Demystifying Uncontested Divorce in Georgia: A Comprehensive Guide
“Divorce is never a nice thing, but it’s very easy to take family for granted, and when there’s a divorce, you don’t take things for granted so much.”
An uncontested divorce in the United States is one of the simplest and cheapest ways to end one’s marriage when it is not working. While many couples tend to understand this, they often misinterpret the term itself, thinking that all it entails is the readiness of both parties to get divorced. Indeed, the issue is fraught with certain misconceptions, and the mutual desire for a cheap uncontested divorce is not enough for the spouses to live through the process quickly and easily.
In this article, we will try to explain a few things about uncontested divorces in general, figure out popular misconceptions, destroy some myths, and explain how to get an uncontested divorce in Georgia. If you’re still trying to save your marriage, check out these alternatives to divorce.
What Is an Uncontested Divorce?
An uncontested divorce means that the spouses agree on all the issues of their separation. It is not enough to be mutually ready to dissolve the marriage. Both parties must also be on the same page in all the possible disputes involved. They must agree on the reasons for the divorce, the resolutions of all the accompanying issues, and the terms settled after the end of the marriage. These aspects may include all or some of the following:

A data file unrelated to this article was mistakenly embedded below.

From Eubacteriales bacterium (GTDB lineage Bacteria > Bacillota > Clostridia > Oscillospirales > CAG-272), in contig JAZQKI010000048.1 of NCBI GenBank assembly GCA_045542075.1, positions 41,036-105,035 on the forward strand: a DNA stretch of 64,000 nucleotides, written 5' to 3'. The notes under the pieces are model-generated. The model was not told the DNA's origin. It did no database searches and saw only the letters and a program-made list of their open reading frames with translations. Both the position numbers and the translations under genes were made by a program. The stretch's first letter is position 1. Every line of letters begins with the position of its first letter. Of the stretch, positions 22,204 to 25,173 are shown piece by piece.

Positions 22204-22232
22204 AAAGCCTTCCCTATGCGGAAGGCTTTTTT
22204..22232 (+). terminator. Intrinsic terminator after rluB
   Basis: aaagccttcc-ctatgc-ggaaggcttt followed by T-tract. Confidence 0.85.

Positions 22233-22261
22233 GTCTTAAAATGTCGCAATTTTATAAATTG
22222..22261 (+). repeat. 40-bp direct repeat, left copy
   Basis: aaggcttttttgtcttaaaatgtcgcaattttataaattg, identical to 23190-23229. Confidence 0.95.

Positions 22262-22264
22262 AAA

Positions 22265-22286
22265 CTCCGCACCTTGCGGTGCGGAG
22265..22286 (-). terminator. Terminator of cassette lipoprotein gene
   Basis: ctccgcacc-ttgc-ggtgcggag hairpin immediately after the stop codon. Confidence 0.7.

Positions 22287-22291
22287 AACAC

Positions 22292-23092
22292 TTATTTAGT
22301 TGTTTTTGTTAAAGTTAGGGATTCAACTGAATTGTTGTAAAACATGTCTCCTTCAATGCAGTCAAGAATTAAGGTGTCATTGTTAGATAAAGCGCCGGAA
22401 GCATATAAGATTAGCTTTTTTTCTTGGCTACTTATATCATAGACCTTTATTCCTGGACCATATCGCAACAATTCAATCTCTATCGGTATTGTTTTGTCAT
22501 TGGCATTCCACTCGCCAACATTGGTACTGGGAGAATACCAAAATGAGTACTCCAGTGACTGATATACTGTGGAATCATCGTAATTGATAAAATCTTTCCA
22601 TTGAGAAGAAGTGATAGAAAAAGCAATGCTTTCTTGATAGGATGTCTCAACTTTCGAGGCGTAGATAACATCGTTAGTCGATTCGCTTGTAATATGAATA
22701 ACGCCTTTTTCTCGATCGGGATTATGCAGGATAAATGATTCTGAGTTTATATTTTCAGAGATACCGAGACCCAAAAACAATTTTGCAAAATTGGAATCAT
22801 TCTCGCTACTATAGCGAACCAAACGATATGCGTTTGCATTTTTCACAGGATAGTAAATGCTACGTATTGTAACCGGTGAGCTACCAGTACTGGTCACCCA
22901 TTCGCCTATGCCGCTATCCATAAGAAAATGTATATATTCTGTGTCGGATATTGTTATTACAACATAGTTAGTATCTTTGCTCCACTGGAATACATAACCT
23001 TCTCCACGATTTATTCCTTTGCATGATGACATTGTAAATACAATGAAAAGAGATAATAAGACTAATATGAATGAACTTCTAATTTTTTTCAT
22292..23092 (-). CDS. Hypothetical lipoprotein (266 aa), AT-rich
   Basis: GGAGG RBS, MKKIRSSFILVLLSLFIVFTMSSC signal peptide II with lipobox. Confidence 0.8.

- Child custody
- Child support
- Parenting visitations
- Spouse support and alimony
- Division of marital property
- Allocation of debts
Only if the couple can reach all the detailed agreements on these issues on their own and create a Marital Settlement Agreement without the interference of attorneys or trials, their divorce can qualify as uncontested. In case the court needs to step in to make the decision on at least some of the disputes, the divorce is contested.
It should also be noted that a couple or one of the spouses can file for divorce only in the state they reside in. In addition to state residency requirements, there may also be some variations in the procedure in each state and even in each county. Thus, it is necessary to research the issue in your particular location before taking any steps.
Uncontested Divorce in Georgia
Just like across the United States, in Georgia, you have an option of a contested and uncontested divorce. The terms are all the same: if you cannot settle all the disputes amicably, go to the trial; if you can craft an adequate Marital Settlement Agreement on your own, the process will end faster and simpler. In addition, you need to meet resident qualifications and agree on the legal grounds for your divorce. Let’s look at all these requirements a bit closer.
To qualify for a Georgia uncontested divorce, the couple should meet the state residency requirements. For this, one or both spouses must have lived in the state for at least six months before filing. If only the respondent meets this requirement, the petition must be filed in the county he or she lives.